One city businessman who often addresses topics of public safety and anti-gun violence message is Clive Nicholson. We recently addressed the subject of the Greene Homes from a public viewpoint and collaborated on this paper. (We sent it to the CT Post and to OIB but it did not tickle their fancy or seem adequately newsworthy perhaps. No response from those sites so since it kind of fits in with news that is not pulled together in a comprehensive fashion but becomes actual “news” to the public after the Mayor presents an idea and some folks feel it’s a done deal. How many other folks have a stake, a responsibility, live here and pay taxes of all kinds to get appropriate funding who are currently out of the loop; meeting or not; discussing and reporting; participating in active governance? Time will tell;

    Bridgeport: Fate of Greene Homes? What say the Residents?
    Enough stories have circulated in recent years about one of the Park City Community properties, the Greene Homes, located on the shoulders of the Hollow, no more than two blocks from the Police Department HQ yet often the site of drug traffic, gang activity and homicide.

    Who speaks for the people living at the Greene Homes, one of the multiple housing units managed by Park City Communities where folks live?
    • Is it the Acting Executive Director of Park City Communities (PCC) who for three years or more continues to reside out of the region and away from his contractual responsibilities?
    • Is it one or more of the Board members of PCC who meet regularly and are local stewards of all PCC properties and programs including Section 8 vouchers? What do meeting minutes indicate?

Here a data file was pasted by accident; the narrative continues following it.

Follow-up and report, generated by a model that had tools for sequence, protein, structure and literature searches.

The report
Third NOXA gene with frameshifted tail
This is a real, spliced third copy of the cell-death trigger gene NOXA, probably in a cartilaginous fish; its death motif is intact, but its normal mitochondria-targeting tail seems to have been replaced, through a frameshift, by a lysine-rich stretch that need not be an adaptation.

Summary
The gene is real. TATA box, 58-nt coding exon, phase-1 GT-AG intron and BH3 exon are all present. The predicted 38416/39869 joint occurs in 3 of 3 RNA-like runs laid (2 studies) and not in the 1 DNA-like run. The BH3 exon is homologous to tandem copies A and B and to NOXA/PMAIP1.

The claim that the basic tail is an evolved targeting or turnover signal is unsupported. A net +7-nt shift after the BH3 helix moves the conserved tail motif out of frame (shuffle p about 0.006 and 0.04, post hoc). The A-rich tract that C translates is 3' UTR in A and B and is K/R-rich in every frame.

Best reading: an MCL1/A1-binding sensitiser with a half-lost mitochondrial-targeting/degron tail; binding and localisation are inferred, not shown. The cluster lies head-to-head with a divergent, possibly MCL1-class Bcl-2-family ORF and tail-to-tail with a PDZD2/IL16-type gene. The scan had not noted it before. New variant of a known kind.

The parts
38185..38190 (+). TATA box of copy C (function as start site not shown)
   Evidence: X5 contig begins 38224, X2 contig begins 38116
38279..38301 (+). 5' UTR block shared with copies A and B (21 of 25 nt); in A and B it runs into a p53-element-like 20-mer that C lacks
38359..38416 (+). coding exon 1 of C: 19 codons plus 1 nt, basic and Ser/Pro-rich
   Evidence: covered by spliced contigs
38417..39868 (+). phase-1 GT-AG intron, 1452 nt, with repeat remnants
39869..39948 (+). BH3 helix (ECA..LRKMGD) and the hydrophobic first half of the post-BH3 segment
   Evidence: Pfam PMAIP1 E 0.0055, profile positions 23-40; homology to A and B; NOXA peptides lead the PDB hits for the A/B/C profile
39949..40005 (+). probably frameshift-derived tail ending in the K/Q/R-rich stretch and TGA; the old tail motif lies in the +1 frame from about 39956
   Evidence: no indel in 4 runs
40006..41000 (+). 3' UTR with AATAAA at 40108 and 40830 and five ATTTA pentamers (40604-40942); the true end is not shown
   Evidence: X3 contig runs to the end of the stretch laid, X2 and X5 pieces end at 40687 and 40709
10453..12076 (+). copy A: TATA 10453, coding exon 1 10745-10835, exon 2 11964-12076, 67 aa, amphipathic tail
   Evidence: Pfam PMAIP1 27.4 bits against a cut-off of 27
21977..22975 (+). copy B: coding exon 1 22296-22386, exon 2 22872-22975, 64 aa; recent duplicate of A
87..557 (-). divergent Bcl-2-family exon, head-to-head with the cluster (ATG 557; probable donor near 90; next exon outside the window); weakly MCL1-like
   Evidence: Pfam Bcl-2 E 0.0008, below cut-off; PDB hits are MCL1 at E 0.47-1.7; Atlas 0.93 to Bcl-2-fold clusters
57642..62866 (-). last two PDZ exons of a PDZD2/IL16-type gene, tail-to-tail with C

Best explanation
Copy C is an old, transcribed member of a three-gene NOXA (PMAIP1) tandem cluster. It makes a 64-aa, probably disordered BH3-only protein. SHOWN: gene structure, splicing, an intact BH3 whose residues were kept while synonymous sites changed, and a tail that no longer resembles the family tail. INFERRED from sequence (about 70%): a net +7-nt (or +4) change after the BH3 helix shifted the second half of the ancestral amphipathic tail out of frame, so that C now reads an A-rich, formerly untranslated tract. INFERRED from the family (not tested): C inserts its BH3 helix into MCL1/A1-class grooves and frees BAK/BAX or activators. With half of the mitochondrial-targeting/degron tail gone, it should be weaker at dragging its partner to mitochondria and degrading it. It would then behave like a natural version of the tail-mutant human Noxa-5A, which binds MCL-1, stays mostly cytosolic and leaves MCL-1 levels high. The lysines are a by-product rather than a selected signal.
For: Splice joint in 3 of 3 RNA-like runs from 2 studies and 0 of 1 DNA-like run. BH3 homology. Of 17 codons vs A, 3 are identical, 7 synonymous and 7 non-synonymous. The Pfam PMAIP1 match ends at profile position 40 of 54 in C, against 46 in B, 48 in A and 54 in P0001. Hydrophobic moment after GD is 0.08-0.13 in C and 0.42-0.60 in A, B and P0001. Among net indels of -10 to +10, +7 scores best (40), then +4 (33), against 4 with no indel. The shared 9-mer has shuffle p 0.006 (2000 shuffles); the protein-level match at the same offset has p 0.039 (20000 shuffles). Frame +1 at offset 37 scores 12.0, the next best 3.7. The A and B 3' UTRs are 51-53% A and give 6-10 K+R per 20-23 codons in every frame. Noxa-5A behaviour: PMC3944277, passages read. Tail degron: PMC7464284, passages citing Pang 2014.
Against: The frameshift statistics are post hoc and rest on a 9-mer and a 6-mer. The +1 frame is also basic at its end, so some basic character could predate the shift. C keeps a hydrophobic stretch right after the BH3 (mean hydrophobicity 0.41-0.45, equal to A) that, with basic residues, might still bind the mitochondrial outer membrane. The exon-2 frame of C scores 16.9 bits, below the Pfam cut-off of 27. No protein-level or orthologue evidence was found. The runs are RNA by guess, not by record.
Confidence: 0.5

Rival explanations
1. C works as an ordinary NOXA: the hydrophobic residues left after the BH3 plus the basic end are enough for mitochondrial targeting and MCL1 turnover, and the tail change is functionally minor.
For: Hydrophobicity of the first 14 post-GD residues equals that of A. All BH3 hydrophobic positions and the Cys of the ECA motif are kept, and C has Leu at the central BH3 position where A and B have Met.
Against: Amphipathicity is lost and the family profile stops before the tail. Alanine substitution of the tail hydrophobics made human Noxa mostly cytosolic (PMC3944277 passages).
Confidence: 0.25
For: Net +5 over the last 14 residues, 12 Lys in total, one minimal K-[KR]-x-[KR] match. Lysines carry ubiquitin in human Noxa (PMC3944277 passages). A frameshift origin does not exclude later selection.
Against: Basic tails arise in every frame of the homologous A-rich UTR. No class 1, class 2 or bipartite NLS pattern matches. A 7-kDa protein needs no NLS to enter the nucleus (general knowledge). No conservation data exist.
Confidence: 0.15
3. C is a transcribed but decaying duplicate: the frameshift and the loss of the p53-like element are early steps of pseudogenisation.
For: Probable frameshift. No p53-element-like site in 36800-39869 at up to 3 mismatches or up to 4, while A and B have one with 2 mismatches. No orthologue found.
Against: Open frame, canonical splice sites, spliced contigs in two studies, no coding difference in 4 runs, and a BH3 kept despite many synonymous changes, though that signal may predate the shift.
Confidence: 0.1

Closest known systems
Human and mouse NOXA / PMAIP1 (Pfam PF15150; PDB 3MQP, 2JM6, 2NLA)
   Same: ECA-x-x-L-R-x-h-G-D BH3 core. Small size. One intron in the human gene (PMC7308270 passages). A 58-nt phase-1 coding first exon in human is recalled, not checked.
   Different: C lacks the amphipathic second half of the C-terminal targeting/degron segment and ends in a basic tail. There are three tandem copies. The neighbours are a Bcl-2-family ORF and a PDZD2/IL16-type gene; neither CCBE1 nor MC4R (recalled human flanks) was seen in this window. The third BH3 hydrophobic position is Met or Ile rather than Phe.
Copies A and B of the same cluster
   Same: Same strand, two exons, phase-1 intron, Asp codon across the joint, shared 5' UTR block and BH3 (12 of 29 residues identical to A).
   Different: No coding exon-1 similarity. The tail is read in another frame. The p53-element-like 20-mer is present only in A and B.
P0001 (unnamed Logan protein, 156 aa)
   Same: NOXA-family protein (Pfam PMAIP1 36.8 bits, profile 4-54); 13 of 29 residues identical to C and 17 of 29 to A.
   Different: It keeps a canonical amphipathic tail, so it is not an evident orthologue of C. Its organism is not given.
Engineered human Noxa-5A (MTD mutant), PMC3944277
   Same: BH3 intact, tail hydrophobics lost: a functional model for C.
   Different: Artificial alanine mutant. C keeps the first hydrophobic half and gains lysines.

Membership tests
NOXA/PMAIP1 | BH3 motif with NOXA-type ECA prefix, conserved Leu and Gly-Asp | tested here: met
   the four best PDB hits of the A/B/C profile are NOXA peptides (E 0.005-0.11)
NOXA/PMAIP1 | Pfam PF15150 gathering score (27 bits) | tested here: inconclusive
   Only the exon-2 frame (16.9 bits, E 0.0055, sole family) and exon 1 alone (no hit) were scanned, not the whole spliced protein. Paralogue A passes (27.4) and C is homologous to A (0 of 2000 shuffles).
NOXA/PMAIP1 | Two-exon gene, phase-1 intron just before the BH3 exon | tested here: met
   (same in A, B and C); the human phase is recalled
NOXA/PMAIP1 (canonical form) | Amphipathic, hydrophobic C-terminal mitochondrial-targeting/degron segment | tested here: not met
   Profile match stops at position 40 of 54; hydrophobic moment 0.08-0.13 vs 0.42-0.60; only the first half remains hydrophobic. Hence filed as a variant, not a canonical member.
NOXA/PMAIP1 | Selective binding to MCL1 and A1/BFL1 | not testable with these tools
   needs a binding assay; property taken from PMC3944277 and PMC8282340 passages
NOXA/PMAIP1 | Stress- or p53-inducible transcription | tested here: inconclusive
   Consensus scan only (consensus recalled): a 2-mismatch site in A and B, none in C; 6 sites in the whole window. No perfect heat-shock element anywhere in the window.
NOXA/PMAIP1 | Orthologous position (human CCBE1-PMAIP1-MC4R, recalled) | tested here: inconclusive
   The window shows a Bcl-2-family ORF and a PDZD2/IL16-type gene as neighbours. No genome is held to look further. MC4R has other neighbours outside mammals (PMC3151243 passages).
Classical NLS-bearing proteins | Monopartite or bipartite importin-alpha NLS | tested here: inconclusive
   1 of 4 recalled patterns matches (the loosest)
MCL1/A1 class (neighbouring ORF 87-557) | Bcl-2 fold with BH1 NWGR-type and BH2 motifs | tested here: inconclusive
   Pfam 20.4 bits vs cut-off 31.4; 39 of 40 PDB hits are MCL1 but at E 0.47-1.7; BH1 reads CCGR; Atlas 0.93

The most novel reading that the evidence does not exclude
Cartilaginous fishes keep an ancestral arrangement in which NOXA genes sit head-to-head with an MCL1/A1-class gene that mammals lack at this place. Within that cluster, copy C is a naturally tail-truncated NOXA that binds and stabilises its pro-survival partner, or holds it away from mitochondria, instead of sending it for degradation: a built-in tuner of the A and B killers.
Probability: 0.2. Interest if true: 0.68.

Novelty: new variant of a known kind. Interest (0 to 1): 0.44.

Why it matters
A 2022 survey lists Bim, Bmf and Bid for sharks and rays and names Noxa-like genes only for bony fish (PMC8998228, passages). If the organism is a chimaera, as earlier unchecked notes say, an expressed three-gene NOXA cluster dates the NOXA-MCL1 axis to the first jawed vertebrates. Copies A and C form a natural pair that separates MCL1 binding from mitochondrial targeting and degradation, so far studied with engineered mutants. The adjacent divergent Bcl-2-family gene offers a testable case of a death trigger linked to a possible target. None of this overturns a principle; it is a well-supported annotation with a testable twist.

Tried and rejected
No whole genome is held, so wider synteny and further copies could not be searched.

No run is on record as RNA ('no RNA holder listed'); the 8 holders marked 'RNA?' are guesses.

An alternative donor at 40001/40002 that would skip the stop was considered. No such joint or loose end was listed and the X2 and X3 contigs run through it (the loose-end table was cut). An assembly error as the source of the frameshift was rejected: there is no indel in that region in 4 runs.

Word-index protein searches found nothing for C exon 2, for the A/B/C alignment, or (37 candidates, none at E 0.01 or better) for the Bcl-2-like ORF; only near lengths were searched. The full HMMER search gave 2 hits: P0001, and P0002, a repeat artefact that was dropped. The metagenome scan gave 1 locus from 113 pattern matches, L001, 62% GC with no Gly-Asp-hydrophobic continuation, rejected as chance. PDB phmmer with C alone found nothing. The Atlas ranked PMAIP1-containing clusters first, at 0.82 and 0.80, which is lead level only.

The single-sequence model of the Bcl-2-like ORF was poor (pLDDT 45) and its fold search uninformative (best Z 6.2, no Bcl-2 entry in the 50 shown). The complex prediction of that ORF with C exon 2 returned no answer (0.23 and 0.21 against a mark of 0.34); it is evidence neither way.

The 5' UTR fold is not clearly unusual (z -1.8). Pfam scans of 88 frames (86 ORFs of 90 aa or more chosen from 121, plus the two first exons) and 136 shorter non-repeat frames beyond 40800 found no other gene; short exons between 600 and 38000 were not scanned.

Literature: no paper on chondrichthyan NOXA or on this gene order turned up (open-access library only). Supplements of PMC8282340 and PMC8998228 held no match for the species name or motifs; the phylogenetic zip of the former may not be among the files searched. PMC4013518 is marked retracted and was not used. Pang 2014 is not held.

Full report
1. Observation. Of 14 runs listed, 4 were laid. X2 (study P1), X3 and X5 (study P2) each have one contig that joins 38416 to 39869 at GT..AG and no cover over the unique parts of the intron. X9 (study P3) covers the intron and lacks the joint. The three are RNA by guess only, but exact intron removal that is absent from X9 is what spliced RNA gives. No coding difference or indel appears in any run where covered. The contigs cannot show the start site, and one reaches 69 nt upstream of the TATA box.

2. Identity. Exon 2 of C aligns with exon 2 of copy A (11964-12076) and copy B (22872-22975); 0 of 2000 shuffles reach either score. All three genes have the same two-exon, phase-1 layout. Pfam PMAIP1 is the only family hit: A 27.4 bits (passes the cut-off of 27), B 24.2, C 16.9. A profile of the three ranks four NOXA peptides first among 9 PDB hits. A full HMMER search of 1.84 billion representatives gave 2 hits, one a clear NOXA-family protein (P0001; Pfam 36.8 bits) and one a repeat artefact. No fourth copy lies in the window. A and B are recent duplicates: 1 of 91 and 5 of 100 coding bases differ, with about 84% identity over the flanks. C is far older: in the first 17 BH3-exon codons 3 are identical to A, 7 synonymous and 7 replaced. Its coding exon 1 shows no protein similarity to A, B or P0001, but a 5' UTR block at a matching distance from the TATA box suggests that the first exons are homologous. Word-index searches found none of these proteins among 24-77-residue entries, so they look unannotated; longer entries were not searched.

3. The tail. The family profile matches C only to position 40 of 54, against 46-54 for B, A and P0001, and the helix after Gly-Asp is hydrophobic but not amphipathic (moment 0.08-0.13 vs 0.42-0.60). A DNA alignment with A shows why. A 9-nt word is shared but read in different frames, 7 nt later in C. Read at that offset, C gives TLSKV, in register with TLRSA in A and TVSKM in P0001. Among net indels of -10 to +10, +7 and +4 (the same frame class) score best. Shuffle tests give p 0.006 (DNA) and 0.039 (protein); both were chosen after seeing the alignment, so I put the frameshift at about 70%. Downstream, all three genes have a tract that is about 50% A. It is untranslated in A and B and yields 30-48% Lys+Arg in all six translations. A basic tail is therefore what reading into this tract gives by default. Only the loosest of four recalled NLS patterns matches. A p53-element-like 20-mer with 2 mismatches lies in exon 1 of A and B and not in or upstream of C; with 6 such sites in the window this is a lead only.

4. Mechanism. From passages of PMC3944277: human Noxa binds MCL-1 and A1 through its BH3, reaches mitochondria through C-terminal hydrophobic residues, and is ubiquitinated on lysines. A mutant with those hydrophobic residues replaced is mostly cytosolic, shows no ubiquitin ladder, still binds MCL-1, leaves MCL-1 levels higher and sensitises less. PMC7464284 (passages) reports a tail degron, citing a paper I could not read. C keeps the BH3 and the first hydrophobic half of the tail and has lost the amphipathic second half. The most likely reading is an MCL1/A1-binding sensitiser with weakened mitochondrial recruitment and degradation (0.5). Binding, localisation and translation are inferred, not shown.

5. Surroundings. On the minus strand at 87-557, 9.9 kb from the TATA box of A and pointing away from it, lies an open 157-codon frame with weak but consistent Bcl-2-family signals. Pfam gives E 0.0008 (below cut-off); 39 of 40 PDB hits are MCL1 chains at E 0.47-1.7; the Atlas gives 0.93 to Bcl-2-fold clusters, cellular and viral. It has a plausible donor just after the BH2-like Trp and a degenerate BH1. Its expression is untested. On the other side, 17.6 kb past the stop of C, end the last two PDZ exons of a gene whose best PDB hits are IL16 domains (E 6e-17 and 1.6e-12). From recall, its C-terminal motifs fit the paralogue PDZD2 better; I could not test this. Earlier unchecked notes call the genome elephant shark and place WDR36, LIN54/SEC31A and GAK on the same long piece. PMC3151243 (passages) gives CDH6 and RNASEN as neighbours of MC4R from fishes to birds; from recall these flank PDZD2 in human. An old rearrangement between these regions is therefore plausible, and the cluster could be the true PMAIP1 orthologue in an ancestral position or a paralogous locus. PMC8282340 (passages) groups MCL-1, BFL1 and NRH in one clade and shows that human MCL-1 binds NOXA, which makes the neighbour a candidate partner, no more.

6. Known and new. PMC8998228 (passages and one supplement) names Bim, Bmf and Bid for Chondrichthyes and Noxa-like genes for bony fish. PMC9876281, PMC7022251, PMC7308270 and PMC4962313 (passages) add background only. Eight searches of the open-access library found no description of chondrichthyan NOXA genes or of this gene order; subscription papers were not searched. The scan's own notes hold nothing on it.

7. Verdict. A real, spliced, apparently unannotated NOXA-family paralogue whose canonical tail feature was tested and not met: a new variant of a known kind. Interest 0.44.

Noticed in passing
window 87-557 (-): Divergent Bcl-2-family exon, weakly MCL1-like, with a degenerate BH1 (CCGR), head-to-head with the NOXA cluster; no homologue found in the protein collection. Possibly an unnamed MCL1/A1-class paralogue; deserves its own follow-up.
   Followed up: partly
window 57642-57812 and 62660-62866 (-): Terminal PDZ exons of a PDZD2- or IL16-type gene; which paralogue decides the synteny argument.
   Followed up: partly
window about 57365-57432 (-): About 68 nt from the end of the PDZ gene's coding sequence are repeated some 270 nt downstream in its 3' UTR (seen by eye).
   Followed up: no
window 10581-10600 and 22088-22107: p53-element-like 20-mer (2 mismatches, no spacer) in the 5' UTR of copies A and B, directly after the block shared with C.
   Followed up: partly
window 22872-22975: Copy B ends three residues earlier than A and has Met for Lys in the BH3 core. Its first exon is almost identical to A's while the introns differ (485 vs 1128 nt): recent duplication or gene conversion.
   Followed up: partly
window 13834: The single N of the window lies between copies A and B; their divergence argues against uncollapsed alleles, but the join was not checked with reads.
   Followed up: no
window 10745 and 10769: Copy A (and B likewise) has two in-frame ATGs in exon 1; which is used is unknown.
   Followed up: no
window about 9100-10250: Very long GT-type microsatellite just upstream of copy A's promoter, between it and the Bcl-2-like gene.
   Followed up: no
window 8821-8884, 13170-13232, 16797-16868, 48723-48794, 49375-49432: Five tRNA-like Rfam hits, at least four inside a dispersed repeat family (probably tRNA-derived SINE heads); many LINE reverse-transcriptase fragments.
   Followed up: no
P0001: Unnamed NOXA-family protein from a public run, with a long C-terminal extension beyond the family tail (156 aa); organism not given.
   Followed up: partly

• Is it a HUD employee in Hartford, Boston or Washington who can and will indicate a likely track for future development for PCC properties in the face of numerous difficult issues?
    • Is it a City of Bridgeport employee like Mayor Ganim who comes out of his office to issue a commentary on tearing down the structures, absent the type of background planning and assessment material that would be provided if serious purpose was intended? Serious purpose would acknowledge the serious fiscal realities of such a move and would reference other projects in the City seemingly started at an earlier time, but now stuck with no next reporting date in sight?
    • Is it a credible advisor who has looked at recent annual budgets of PCC, found the details to be current, balanced and fair, and advised on funds due to US Department of Justice in court case lost by PCC due to failure to offer “reasonable accommodations” to numerous residents in the City?
    • Are there multiple residents of Greene Homes who have lived at the property, known to other residents, and are willing to serve if elected a body representing residents that meets regularly, and works with City and PCC personnel, as an “active board”, as required by HUD?

    Would tenants prefer renovation of the property to become a safe and secure “gated community” offering 24/7 automated services for cars, residents and screening for visitors and as well as ‘working elevators’? Where is such a discussion happening these days?
    John Marshall Lee and Clyde Nicholson March 6, 2020